In April 1967, in an era when sports rights-holders were apt to worry about the impact of television on attendance figures, Football League chairmen in England took less than half an hour to turn down a BBC live television proposal worth a then highly respectable £781,000.
When two [or more] elephants fight, it is the grass that suffers” – African proverb.
When FIFA, CONCACAF, CONMEBOL and the OFC were brought to their knees, in 2015, as a result of the financial scandals that exposed shocking levels of graft and maladministration in the game, informed watchers of the African football landscape always wondered when the continent’s inevitable moment of reckoning would come, as it was virtually unscathed during this tumultuous period.
By David Owen
One line in Watford’s recent annual accounts jumped out at me. Explaining a near 15% increase in turnover, the strategic report said this was “mainly due to an increase in Media & Broadcasting revenue because of a higher finishing position consequently attracting increased centralised distributions from the Premier League”.
January 28 – Liverpool manager Jurgen Klopp is facing accusations of undermining the game’s oldest domestic cup competition in a row over whether English football’s first winter break is being fairly applied.
“We must find an African solution to our problems” – Kwame Nkrumah (Prime Minister of Ghana, 1957-1966)
Anyone with an acute sense of history will remember how, in the late 1980s, the master-servant relationship between the International Monetary Fund (IMF) and Western financial institutions, on the one hand, and financially troubled African nations on the other, led to the imposition of flawed ‘Structural Adjustment Programmes’ (SAP) that devastated the economies of the countries that borrowed money under these onerous SAP terms and conditions.
City Football Group (CFG)’s business strategy always seemed rather baffling. Yes, OK, assemble a collection of similar businesses – in this case football clubs – inside the same tent and you can shave back-office costs. You might be able to engineer a less wasteful talent development pipeline than one-legged rivals. And if the real aim is soft power, well, the Abu Dhabi flag has been well and truly planted in outposts of the beautiful game from Melbourne to Mumbai.
“In politics, what begins in fear usually ends in folly.”
― Samuel Taylor Coleridge
While the decision of the Confederation of African Football (CAF) to unilaterally terminate its 12-year $1 billion contract with Lagardere Sports (LS) continues to reverberate around the continent – and outside of it – informed Insideworldfootball readers will not be surprised about the development.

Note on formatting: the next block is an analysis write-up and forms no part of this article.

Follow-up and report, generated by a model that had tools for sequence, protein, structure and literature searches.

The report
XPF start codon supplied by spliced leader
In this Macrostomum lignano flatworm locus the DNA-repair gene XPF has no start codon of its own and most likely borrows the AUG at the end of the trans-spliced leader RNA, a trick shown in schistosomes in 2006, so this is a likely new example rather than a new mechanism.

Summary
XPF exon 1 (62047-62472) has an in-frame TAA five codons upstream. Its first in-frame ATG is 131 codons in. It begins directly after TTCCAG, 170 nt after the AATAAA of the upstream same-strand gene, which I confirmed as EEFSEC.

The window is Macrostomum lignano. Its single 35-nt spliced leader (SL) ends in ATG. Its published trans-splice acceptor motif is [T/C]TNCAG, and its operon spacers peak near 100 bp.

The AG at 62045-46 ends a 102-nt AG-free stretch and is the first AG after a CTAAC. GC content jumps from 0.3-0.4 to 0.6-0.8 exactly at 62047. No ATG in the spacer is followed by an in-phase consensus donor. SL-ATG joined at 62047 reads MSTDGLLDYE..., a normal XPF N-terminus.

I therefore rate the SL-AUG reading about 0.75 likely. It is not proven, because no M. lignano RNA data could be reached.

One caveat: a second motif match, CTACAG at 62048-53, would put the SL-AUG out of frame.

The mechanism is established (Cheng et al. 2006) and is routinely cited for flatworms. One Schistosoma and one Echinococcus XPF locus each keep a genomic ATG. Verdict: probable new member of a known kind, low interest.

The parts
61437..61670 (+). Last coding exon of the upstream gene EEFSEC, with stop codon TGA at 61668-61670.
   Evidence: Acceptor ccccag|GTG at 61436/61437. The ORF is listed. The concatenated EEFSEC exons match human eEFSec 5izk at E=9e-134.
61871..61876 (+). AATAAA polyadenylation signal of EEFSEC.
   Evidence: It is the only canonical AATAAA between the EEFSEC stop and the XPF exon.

“Facts do not cease to exist because they are ignored.” – Aldous Huxley
FIFA’s decision to stage an expanded 24-team Club World Cup (CWC) in China, which will take place between June 17 and July 4 2021, has serious and grave implications for the future of Africa’s most prestigious tournament – the biennial Cup of Nations.
By David Owen
October 21 – Women’s football is on a roll – and more power to its elbow for that. Nonetheless, the viewing figures for this summer’s Women’s World Cup, released at the end of last week to some fanfare, deserve to be treated with a certain amount of caution.
By Andrew Warshaw
October 21 – Everyone was appalled by the headline-making events in Sofia recently when England’s black players were verbally abused by a section of the Bulgarian fans.
Alistair Burt, a former Minister of the Crown, is one of those increasingly rare Conservative MPs who don’t make you feel like you have been transported to the Planet Zog when you talk or, more recently, listen to them.
No sooner has the video assistant referee system been implemented in the Premier League after two years of experimentation than there has been an outcry over whether it is being used properly – or in fact whether it should be employed at all.
In a speech delivered at Michigan State University, East Lansing, Michigan, on 23 January 1963, Malcom X spoke about the House Negro and the Field Negro. He said:
After the shenanigans of the last few days, and weeks, in the Byzantine world of Confederation of African Football (CAF) politics, where Niccolo Machiavelli clearly has his ardent disciples – in the art of ruthless political bloodletting and the decimation of perceived, real and feared adversaries – my original plan was to write a column on the serial governance missteps that are a clear existential threat to the organisation.
In the three decades I’ve covered African football, I have gone through the entire gamut of emotions: exhilaration – over some of the continent’s great moments at the Africa Cup of Nations and the World Cup; frustration – over the comedic errors our football governors repeatedly make; and deep despair, as one continually questions whether the custodians of a game that means so much, to Africa’s one billion people, will ever live up to their responsibilities and do their darned jobs diligently.